And the boat—what can he suppose has become of the boat ?"

“Sartainly, the boat makes the only chance ag'in us. But the boat was ridin' by its painter astarn, and accidents sometimes happen to such craft. Then we two are the wery last he will suspect of havin' made off in the boat by ourselves. There'll be Mrs. Budd and Biddy as a sort of pledge that Miss Rose is aboard, and as for Jack Tier, he is too insignificant to occupy the captain's thoughts just now. He will probably muster the people for’ard, when he finds the boat is gone, but I do not think he'll trouble the cabins or state-rooms.”

Mulford admitted that this was possible, though it

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scarcely seemed probable to him. There was no help, however, for the actual state of things, and they all now turned their attention to the brig, and to the movements of those on board her. Jack Tier had swung-to the outerdoor of the house, as soon as the Swash came in view through it, and fortunately none of the windows on that side of the building had been opened at all. The air entered to windward, which was on the rear of the dwelling, so that it was possible to be comfortable and yet leave the front, in view from the vessel, with its deserted air. As for the brig, she had already anchored and got both her boats into the water. The yawl was hauled alongside, in readiness for any service that might be required of it, while

the launch had been manned at once, and was already - weighing the anchor, and securing the chain to which Tier

had alluded. All this served very much to lessen the uneasiness of Mulford and Rose, as it went far to prove that Spike had not come to the Dry Tortugas in quest of them, as, at first, both had very naturally supposed. It might, indeed, turn out that his sole object was to obtain this anchor and chain, with a view to use them in raising the illfated vessel that had now twice gone to the bottom.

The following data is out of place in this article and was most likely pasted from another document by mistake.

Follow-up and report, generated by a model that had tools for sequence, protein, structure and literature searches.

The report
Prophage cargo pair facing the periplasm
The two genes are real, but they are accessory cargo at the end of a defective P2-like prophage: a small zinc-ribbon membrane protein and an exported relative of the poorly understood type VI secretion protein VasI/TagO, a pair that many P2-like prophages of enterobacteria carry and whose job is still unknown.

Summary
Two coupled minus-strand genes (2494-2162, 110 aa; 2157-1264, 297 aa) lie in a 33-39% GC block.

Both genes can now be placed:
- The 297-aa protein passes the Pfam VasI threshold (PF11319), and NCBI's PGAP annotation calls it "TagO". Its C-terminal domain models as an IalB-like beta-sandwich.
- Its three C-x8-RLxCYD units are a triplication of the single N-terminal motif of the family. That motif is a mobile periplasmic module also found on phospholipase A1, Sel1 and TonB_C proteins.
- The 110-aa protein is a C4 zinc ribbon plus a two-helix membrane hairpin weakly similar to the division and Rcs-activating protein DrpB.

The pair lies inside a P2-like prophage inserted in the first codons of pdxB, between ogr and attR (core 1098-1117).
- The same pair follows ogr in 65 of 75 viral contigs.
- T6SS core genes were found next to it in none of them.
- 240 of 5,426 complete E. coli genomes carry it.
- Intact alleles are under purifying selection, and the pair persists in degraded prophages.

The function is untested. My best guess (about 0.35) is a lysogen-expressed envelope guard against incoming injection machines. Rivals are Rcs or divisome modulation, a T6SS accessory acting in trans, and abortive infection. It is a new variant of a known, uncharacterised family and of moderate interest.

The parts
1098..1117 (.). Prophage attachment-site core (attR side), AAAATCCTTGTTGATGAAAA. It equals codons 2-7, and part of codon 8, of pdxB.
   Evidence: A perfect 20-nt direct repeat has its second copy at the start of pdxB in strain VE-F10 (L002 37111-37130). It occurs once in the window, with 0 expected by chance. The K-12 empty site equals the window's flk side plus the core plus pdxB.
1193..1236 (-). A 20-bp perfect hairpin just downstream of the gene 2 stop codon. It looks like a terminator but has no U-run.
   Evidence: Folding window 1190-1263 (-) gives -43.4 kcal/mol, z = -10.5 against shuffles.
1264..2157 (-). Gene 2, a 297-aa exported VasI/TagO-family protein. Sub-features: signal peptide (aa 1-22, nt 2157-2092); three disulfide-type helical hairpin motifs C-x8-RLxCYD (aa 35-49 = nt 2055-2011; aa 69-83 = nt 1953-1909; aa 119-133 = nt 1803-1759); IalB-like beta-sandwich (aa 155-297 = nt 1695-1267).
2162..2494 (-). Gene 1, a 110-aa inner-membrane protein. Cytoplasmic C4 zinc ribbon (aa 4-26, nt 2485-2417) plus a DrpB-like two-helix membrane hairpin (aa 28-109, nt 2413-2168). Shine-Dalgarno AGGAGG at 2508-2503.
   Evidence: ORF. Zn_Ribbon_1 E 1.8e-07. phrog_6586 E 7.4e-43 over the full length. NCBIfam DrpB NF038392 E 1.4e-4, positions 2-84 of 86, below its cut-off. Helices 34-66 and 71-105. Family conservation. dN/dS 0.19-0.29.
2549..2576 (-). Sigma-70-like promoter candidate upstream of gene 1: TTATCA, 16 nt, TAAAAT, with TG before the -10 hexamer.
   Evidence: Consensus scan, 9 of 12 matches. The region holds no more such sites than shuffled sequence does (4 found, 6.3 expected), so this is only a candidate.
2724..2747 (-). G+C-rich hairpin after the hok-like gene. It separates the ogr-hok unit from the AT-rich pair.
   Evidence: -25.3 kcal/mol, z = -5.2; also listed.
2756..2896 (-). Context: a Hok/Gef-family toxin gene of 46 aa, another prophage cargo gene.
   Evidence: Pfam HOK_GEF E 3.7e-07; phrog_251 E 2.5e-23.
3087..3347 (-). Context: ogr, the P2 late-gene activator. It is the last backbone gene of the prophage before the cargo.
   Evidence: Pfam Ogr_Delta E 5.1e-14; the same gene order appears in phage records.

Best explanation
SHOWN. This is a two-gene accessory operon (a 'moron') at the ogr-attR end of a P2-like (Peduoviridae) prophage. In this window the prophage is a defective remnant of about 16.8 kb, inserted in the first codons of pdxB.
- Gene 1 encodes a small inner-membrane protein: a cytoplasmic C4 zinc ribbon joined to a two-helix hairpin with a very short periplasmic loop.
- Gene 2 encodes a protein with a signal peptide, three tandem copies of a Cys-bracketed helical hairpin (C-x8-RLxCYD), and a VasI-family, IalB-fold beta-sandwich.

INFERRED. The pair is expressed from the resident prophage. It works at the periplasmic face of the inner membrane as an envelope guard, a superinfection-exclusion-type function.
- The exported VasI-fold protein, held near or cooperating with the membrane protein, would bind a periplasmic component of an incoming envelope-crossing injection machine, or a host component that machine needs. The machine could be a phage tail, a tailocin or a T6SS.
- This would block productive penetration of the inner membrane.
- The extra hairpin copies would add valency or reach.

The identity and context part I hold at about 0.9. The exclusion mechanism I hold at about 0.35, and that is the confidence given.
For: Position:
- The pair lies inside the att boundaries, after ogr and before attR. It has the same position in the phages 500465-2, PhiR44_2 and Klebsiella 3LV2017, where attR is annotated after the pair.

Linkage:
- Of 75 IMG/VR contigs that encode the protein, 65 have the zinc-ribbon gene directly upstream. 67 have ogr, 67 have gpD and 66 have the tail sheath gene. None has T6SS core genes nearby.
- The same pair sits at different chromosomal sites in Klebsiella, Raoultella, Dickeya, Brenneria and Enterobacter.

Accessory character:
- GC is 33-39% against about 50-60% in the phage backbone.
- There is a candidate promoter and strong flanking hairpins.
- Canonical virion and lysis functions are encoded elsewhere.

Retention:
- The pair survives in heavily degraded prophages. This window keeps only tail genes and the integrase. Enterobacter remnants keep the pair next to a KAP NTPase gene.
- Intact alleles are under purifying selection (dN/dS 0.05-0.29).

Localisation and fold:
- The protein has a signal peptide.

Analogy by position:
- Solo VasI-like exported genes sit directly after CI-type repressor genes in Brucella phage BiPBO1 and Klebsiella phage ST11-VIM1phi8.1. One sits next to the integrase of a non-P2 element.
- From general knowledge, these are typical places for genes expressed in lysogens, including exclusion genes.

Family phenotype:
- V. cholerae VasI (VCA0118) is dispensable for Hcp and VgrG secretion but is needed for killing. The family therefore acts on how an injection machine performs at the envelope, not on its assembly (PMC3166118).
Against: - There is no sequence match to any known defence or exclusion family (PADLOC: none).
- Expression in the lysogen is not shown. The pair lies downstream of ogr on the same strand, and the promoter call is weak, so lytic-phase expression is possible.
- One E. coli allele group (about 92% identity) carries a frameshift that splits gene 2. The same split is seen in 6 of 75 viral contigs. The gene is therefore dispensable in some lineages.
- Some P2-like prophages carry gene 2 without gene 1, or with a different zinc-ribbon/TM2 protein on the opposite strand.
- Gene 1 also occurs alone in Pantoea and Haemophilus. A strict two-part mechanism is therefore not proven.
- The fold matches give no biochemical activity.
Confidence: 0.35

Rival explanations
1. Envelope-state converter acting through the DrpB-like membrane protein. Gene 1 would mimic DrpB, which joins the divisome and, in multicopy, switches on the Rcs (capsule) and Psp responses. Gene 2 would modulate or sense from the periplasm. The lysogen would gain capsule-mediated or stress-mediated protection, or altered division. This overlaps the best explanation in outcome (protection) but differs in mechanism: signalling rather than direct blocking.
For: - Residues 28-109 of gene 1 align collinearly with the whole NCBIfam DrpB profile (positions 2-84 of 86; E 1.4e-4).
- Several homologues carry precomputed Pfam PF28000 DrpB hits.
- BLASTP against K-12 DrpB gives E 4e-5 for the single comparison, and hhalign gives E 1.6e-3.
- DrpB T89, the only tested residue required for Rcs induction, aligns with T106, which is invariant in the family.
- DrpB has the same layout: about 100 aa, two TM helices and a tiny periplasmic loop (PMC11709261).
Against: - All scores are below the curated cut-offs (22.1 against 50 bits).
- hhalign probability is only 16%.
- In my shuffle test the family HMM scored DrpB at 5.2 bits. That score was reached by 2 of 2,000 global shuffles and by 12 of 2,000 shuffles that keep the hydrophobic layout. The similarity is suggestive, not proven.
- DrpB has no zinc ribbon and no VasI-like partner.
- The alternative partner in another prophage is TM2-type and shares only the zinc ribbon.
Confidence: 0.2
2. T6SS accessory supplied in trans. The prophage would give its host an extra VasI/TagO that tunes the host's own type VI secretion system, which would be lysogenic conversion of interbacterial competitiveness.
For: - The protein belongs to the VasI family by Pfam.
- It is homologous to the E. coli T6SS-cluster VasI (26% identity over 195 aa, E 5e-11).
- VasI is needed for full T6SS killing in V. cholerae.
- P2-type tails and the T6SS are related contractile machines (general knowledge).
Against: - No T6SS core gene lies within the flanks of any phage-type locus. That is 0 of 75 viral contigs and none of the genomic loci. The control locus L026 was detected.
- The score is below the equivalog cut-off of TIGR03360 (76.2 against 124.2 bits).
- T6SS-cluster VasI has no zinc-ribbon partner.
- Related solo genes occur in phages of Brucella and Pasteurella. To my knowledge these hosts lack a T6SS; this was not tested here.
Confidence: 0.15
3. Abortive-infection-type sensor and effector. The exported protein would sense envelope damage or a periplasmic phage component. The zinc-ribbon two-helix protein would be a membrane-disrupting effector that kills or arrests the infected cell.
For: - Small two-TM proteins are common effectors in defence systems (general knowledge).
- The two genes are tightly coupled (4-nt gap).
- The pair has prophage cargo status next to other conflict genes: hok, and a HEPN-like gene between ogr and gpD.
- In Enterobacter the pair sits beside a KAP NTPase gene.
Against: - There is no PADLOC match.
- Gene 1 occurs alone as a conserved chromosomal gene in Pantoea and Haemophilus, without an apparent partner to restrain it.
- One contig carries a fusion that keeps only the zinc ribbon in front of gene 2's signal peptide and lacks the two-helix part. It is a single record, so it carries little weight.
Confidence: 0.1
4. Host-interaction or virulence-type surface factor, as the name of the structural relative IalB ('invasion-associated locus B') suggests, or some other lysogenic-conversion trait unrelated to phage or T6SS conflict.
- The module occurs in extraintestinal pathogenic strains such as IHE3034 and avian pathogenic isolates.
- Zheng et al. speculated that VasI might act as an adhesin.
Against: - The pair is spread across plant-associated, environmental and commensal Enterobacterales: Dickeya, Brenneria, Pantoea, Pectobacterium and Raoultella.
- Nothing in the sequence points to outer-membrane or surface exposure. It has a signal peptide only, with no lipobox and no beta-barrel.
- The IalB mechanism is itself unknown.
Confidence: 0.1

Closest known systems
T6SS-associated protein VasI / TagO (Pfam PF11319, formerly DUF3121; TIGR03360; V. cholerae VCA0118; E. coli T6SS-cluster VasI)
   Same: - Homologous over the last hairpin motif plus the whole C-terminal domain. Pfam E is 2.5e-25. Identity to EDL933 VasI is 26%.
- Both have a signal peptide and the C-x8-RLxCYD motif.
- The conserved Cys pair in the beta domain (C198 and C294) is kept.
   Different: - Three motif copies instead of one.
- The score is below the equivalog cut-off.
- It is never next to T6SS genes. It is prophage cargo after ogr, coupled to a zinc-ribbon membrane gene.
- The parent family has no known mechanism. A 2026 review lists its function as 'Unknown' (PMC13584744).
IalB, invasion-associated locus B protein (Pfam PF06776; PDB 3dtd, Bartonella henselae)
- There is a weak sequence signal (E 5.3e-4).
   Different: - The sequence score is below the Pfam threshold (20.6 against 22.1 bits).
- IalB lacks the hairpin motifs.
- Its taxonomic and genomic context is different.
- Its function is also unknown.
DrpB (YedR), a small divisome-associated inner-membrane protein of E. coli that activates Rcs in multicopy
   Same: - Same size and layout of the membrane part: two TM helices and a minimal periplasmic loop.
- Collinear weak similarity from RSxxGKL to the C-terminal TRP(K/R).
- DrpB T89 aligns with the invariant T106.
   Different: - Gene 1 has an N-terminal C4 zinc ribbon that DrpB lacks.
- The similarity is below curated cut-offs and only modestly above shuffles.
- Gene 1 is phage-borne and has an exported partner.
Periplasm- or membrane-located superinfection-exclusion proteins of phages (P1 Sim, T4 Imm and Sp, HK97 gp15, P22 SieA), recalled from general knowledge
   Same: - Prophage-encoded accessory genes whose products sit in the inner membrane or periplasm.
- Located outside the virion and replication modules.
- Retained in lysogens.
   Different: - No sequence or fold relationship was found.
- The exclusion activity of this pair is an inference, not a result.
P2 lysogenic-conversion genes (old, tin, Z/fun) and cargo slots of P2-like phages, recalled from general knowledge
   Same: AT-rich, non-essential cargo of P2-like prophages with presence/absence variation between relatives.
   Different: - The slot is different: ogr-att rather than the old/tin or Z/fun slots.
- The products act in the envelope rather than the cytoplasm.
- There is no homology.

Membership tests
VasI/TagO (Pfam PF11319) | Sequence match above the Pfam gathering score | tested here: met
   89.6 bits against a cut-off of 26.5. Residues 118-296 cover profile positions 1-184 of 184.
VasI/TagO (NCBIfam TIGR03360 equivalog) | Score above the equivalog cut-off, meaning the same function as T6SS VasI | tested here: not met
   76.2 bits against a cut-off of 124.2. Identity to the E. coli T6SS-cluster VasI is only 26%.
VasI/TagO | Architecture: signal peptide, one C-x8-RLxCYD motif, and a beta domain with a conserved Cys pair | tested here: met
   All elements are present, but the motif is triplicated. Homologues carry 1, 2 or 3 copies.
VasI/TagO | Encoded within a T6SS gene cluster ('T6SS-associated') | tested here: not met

“I wish an explanation with you, Jack, on one other point,” said the mate, after all three had been for sometime observing the movements on board and around the Swash. “Do you actually intend to get on board the brig ?

“ If it's to be done, maty. My v’y’ge is up with you and Miss Rose. I may be said to have shipped for Key West and a market, and the market 's found at this port.

“ You will hardly leave us yet, Jack,” said Rose, with a manner and emphasis that did not fail to strike her betrothed lover, though he could in no way account for either. That Rose should not wish to be left alone with him in that solitary place was natural enough; or, might rather be referred to education and the peculiar notions of her sex; but he could not understand why so much importance should be attached to the presence of a being of Jack Tier's mould and character. It was true, that there was little choice, under present circumstances, but it occurred to Mulford that Rose had manifested the same strange predilection when there might have been something nearer to a selection. The moment, however, was not one for much reflection on the subject.

“ You will hardly leave us yet, Jack ?" said Rose, in the manner related.

“ It's now or never, Miss Rose. If the brig once gets away from this anchorage without me, I may never lay eyes on her ag’in. Her time is nearly up, for wood and iron wont hold together always, any more than flesh and blood. Consider how many years I've been busy in huntin' her up, and how hard 't will be to lose that which has given me so many weary days and sleepless nights to find."